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This coming Sunday is the presidential election in Russia, and Vladimir Putin is sure he is going to win. But who is Vladimir Putin? And why is he so sure to pull a win? Despite allegations of Putin’s political party’s widespread official fraud, the latest surveys show that Putin will have the vote of approximately 60% of voters.
Putin as a Russian politician served as president of Russia from 2000 to 2008 and is currently the Prime Minister of Russia. He also has a background serving in the KGB for sixteen years. Based on a law change, Russia’s running presidential term has been increased from four to six years. The current President, Dmitry Medvedev, has decided not to run for re-election.
There is much controversy and protesting going on against Putin coming back into power as President. Putin has maintained a very strong criticism of the United States yet contradictorily has stated that, “President Barack Obama’s policies of ensuring ties with Russia,” will “successfully negotiate Russia’s access into the World Trade Organization.”
Regardless of the massive protests against Putin, he has clearly stated that he wants to help Russia regain social and economic stability.
However, Putin’s certainty in his unquestioned win is not necessarily a reflection of reality. In Moscow, thousands have been protesting against re-electing Putin. This has been the most populated show of outrage and anger since the Soviet Union collapsed, nearly twenty years ago. Despite the massive protests, he is staying confident that he will pull through and gain his victory and has clearly stated that he wants to help Russia regain social and economic stability.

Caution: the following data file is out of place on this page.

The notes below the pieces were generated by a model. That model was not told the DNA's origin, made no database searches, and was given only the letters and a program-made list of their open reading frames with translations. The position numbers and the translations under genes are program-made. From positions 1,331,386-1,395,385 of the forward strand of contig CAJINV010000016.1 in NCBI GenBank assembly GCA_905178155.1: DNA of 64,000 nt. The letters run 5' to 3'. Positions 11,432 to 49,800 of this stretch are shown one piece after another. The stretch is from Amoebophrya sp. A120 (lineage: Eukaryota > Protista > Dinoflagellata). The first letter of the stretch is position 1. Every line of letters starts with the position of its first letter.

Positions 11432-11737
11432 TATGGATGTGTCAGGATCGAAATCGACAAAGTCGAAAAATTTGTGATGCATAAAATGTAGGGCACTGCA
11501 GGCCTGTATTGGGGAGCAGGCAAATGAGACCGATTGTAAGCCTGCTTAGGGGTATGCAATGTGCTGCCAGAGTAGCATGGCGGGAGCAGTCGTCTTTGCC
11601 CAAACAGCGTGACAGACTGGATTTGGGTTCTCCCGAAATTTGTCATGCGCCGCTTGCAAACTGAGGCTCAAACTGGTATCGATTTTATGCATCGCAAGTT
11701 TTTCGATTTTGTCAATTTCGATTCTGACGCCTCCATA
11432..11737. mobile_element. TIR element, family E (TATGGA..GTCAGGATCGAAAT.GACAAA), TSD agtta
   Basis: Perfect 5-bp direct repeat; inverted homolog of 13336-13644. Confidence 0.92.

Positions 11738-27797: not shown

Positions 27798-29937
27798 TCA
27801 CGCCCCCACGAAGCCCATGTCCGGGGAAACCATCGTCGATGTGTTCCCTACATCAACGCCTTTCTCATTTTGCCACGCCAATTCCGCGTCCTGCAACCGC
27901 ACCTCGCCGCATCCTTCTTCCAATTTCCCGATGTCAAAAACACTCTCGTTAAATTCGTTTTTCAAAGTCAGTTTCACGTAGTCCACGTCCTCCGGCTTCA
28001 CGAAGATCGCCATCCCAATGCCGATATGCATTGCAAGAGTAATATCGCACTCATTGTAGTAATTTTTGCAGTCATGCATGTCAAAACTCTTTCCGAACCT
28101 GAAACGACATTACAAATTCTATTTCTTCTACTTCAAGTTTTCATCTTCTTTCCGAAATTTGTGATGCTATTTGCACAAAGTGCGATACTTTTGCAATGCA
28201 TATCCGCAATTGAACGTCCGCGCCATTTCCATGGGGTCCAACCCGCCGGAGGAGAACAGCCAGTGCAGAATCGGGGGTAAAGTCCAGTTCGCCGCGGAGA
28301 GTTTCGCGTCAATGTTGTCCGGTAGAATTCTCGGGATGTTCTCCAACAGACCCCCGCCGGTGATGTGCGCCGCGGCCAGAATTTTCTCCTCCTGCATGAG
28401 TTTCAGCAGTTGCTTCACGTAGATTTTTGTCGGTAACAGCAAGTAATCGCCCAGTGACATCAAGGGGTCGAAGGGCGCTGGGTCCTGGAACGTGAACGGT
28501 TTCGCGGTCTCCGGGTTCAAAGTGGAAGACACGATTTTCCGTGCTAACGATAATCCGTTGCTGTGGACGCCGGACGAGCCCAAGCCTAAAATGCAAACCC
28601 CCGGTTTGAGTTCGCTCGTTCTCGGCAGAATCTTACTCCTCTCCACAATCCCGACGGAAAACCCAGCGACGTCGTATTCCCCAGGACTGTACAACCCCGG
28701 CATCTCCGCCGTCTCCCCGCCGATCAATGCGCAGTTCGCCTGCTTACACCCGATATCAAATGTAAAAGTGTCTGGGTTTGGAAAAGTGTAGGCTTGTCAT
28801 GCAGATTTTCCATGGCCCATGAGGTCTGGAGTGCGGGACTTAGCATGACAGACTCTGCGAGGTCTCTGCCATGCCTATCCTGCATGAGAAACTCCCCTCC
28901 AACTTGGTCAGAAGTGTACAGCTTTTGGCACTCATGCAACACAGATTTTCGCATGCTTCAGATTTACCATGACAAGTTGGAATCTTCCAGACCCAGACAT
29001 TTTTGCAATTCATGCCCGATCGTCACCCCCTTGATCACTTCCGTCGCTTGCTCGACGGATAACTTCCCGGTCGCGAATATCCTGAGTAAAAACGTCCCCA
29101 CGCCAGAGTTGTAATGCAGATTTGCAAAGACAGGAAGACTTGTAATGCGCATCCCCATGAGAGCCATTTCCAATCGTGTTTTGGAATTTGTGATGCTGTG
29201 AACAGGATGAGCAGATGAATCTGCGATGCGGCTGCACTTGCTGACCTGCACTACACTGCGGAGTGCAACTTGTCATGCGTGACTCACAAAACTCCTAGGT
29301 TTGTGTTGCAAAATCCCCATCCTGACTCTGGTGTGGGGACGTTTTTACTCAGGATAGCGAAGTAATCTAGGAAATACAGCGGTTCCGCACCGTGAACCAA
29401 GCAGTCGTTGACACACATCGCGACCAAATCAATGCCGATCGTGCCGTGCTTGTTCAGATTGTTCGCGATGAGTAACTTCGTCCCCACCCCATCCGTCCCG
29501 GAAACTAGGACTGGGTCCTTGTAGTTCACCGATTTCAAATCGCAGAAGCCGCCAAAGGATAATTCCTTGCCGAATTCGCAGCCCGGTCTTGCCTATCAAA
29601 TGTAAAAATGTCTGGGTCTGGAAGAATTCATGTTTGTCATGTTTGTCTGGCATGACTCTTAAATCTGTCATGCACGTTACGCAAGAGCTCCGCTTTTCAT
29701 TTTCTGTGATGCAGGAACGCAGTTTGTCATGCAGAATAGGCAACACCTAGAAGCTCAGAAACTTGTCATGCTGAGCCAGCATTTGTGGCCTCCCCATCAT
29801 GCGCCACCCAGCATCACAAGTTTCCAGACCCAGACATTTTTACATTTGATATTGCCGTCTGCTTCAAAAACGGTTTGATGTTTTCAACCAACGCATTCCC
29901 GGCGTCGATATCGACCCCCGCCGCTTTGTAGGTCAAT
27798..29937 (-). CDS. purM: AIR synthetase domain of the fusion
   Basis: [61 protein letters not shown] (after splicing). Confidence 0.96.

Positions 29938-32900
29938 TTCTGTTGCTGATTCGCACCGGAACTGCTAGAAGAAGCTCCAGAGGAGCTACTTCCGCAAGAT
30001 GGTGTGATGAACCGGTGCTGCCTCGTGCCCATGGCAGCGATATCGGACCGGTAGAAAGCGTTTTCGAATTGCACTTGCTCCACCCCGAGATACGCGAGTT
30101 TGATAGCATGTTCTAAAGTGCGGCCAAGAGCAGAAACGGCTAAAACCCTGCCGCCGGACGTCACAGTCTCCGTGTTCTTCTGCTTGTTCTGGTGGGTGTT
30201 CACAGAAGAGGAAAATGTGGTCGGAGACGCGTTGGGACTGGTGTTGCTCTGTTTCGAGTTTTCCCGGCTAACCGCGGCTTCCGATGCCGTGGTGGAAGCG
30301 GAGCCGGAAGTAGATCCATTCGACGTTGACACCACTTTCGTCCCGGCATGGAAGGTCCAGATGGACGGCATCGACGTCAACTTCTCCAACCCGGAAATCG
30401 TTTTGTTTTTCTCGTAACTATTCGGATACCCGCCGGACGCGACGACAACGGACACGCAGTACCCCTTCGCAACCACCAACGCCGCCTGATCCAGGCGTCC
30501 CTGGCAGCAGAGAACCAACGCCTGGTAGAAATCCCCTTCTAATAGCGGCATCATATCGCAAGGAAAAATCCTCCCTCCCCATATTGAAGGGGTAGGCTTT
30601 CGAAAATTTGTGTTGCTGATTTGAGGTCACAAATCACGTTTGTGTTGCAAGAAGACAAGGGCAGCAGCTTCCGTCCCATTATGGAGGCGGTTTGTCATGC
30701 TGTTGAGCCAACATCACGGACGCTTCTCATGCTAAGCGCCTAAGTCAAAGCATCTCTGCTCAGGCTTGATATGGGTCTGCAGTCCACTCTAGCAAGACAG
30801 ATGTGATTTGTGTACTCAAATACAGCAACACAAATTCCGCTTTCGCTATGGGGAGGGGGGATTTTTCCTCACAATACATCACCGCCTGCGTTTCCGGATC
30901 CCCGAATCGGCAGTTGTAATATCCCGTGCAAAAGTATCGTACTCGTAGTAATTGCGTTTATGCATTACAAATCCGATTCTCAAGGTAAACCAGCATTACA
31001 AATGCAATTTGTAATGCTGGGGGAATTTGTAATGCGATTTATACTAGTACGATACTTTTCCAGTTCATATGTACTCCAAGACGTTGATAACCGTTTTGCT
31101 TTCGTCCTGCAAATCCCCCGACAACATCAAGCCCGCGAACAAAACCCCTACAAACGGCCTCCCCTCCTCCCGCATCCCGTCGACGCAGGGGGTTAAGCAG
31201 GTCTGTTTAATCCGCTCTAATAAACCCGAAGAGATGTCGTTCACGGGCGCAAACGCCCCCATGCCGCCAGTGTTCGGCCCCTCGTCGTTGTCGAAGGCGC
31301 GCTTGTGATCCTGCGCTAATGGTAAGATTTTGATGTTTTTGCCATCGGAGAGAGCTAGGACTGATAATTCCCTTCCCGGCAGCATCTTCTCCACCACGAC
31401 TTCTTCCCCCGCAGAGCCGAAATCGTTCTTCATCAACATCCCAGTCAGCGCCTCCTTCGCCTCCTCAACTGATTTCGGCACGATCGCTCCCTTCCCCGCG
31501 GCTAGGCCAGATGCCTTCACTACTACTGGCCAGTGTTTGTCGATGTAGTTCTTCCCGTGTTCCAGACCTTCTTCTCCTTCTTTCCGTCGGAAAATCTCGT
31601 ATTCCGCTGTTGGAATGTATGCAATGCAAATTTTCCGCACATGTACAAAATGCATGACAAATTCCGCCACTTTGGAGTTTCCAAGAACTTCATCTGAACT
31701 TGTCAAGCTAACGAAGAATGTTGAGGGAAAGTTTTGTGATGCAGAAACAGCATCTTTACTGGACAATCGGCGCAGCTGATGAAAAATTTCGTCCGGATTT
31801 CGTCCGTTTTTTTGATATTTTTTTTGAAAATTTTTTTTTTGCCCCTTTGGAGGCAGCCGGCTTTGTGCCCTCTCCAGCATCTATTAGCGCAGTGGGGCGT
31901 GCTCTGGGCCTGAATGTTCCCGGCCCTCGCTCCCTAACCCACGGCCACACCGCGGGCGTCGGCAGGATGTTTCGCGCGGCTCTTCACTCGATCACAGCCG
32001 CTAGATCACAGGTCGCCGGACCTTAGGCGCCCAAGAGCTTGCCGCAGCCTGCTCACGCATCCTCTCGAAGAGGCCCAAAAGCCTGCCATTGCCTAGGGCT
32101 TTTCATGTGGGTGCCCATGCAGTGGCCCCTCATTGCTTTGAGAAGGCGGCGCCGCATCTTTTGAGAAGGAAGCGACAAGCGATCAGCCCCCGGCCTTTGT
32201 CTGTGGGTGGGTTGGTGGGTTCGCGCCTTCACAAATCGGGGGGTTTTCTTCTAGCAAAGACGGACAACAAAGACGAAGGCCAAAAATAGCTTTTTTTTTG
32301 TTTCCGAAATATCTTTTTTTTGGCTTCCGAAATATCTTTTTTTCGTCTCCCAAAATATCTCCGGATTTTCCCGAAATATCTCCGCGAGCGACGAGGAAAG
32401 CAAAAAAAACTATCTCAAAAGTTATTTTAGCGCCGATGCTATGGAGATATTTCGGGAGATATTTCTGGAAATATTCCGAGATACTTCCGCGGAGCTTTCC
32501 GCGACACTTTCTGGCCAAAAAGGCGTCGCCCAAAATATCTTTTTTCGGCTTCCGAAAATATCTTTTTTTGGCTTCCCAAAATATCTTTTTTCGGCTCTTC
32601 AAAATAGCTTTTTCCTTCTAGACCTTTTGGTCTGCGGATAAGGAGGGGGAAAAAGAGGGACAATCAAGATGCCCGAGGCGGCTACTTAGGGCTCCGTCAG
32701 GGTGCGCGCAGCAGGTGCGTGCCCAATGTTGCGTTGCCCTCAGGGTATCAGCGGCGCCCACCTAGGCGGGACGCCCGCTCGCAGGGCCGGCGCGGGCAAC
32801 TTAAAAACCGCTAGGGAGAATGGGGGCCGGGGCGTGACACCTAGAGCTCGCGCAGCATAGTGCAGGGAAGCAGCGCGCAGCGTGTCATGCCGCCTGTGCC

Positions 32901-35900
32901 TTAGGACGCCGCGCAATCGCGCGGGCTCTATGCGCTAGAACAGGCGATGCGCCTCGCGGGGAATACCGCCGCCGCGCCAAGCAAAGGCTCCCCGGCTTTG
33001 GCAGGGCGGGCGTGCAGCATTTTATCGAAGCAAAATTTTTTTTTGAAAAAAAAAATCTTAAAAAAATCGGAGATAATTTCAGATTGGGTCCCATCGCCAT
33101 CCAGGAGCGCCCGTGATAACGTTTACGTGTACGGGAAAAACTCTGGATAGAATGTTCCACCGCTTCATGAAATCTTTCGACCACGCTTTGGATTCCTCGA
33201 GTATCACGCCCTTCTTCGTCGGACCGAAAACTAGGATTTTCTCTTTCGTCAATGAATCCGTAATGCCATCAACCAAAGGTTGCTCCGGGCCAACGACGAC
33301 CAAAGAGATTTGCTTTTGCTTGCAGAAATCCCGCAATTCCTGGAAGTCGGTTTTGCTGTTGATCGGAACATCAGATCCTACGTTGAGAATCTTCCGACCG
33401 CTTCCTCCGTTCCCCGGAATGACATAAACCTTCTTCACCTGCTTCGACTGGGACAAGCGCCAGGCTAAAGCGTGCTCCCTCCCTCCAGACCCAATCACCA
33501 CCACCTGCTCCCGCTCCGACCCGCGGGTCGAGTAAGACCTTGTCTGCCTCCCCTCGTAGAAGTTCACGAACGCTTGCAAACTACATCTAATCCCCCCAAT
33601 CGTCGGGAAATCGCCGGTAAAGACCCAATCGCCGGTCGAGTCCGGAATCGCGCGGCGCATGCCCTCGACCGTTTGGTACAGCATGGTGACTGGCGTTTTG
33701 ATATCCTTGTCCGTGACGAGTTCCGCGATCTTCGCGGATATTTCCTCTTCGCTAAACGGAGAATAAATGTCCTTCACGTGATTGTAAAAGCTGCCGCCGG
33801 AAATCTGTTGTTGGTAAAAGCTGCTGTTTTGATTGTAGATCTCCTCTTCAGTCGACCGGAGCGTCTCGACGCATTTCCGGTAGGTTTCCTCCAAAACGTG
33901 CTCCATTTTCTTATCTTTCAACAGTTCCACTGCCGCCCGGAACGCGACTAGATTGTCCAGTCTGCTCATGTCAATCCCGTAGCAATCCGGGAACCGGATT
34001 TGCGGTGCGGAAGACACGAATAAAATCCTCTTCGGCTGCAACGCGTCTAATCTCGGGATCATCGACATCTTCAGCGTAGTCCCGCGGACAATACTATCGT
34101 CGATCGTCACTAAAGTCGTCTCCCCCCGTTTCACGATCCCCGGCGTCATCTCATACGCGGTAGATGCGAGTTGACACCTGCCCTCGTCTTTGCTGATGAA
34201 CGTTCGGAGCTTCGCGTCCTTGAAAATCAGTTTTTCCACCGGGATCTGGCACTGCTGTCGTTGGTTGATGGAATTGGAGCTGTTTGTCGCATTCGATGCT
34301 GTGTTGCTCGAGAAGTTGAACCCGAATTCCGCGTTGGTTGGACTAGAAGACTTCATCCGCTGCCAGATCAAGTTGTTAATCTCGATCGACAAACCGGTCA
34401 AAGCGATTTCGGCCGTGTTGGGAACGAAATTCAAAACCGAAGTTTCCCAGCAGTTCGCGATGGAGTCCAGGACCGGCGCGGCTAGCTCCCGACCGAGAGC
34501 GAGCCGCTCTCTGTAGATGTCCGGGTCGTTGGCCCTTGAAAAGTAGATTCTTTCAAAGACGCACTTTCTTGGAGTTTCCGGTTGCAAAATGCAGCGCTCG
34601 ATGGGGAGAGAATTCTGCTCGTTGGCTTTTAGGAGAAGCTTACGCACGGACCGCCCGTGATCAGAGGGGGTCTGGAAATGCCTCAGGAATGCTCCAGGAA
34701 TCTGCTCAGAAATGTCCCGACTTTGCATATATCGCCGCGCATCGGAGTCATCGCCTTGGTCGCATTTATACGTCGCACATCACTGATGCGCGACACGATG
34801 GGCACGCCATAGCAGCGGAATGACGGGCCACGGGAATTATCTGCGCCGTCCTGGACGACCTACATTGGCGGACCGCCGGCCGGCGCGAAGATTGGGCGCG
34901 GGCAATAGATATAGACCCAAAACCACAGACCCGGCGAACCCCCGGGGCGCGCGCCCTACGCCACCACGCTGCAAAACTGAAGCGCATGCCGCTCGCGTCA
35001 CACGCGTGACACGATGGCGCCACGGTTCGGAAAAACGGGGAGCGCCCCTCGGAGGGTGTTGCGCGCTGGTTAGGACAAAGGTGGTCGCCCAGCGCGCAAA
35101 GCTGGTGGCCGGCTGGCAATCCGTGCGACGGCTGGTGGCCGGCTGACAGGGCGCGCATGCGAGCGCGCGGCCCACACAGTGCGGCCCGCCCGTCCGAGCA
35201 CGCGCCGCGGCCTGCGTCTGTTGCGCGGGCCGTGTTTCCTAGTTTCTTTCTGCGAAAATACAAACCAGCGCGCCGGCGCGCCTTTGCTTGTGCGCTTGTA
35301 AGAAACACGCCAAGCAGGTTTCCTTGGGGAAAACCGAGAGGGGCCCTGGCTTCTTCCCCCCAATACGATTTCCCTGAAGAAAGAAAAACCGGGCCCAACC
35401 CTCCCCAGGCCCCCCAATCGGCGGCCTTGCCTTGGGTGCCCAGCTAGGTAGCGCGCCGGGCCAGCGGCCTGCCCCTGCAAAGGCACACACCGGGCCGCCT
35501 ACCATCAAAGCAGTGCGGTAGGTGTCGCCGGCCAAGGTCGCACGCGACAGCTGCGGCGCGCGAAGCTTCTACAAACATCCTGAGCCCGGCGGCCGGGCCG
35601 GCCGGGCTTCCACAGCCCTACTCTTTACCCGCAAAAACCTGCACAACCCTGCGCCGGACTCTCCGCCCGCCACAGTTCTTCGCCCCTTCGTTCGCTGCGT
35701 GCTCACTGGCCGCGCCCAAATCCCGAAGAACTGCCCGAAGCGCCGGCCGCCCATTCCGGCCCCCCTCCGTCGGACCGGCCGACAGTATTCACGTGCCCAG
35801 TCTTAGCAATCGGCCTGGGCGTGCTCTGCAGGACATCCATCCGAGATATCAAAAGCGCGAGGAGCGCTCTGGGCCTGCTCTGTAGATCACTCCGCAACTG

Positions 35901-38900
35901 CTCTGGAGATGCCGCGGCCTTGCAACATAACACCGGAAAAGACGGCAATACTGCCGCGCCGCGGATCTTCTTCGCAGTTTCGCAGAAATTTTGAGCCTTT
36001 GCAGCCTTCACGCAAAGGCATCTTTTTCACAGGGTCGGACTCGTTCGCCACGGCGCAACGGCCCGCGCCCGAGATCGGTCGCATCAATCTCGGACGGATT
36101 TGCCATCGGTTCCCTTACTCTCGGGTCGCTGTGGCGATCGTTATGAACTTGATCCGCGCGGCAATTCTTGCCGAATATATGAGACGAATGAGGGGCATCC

If elected, Putin will be eligible to serve twelve more years as the President of Russia. Even though he has not been elected as President yet, Putin is already talking about running for re-election in 2018. If he wins both the 2012 and 2018 elections, he would have served almost a quarter of a century, which is longer than any other individual in Russia’s history other than Soviet dictator Josef Stalin.
As Putin gets closer to becoming the Russian President once more, the Syrian government is crumbling. President Obama disclosed a statement that Syrian’s President, Bashar al-Assad’s “days are numbered.” Meanwhile, Obama is working hard to speed up the process of Syria becoming a dictatorship. Russia is currently blocking UN action in helping this happen.
The biggest question in the current political climate revolve around the long-term impact of Russia with a Putin-led government. Both in terms of the American-Russian relations and the repercussions of political complications on Russia’s chances of becoming a part of the WTO.
The Russian Presidential Election will take place this Sunday, March 4. Stay tuned in to see if Putin will be the President of Russia for the newly extended term of six years.